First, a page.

Indo-Aryan im/e-migration (scholarly debate)

Tue May 5 14:33:04 UTC 1998

Read this in Dr. Linguistics assn. news (Univ. of Kerala)
from March 1998.
N. Ganesan

Vishvanath Khaire, Pune writes:
"The horse was not native in the American continent.
The first horses were taken there by Columbus on his second voyage
in the last decade of the 15th century. The American Indians who
naturally did not have a word for horse in their languages, coined
a new term for it, meaning 'the great dog'. The similarity of gait and
speed of the two obviously influenzed their choice of name for
the new animal. In due course, the plains Indians used for horses,
not only for riding, but also for dragging their household effects
and scantlings, works which their dogs had been doing for ages.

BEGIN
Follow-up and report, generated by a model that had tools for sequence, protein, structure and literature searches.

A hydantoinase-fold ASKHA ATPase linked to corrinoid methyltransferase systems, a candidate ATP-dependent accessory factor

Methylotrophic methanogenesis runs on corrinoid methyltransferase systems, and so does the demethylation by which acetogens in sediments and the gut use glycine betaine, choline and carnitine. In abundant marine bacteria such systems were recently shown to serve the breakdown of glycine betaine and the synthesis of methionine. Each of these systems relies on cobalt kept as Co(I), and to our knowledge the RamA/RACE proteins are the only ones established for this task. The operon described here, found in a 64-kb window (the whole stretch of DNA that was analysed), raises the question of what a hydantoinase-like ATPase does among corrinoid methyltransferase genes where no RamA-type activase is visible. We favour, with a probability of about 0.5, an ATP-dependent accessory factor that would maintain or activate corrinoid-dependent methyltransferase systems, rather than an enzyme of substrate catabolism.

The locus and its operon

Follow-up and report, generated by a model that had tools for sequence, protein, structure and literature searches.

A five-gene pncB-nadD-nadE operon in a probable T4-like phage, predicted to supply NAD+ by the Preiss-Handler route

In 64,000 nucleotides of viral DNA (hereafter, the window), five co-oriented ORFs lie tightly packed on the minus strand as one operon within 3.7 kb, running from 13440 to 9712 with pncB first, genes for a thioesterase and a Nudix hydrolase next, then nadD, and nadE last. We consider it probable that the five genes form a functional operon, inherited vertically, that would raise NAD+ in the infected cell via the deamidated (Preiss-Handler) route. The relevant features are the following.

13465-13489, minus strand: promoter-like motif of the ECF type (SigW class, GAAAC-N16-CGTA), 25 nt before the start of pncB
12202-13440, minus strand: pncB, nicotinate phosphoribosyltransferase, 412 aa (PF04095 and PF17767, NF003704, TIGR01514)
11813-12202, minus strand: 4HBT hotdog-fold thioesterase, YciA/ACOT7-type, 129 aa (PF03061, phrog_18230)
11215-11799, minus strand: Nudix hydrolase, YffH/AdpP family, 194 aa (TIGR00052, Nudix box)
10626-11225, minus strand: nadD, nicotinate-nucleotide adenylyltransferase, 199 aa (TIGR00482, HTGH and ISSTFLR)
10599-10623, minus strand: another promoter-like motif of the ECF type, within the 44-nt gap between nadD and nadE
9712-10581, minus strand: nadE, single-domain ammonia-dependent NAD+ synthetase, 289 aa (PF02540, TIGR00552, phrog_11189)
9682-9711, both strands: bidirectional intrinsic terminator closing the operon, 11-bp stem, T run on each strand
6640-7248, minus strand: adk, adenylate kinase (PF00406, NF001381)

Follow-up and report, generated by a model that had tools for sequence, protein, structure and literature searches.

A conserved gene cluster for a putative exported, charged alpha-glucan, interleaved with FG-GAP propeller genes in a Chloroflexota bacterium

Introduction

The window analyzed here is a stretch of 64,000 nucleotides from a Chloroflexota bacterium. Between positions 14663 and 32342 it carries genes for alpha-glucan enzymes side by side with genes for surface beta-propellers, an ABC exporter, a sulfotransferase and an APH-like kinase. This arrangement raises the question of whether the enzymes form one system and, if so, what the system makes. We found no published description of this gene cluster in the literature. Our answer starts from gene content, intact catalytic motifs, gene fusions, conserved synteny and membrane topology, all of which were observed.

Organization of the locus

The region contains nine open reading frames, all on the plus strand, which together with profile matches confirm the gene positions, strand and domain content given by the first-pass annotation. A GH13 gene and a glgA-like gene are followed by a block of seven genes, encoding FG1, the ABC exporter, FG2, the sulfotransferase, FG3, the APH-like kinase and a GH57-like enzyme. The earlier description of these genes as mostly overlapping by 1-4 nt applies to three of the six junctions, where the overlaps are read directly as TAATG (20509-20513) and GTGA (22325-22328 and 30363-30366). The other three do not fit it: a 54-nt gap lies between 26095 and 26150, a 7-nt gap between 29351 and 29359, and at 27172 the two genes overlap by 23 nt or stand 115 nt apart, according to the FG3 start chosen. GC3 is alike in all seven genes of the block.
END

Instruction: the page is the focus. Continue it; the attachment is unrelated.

The semantic similarity between 'horse' and 'dog'
can be observed in our Indian languages also.
Ta. kutirai, Ka. kudare 'horse' are obviously
related to kuti 'to jump, leap, frolic, escape from',
Marathi kutre (which is almost same as Ta. kutirai)
means 'dog'. Te. guRRamu, Nk. ghurram 'horse',
again similar with Marathi ghoDama (rural form),
ghoDa 'horse'. Various other languages have cognate
words, for which, Turner notes: non-aryan, prob. drav.

Sanskrit azva and vedic hari mean 'horse'. The semantics
of both are worth considering in relation to the following:
Ta. acai 'to move, stir, go away), acaivu 'shaking, moving
about, swing'; Ka. asavasa, 'haste'.

Ta. pari 'run, escape; n. motion, a horse'; Tu. hariyuni 'to run'"

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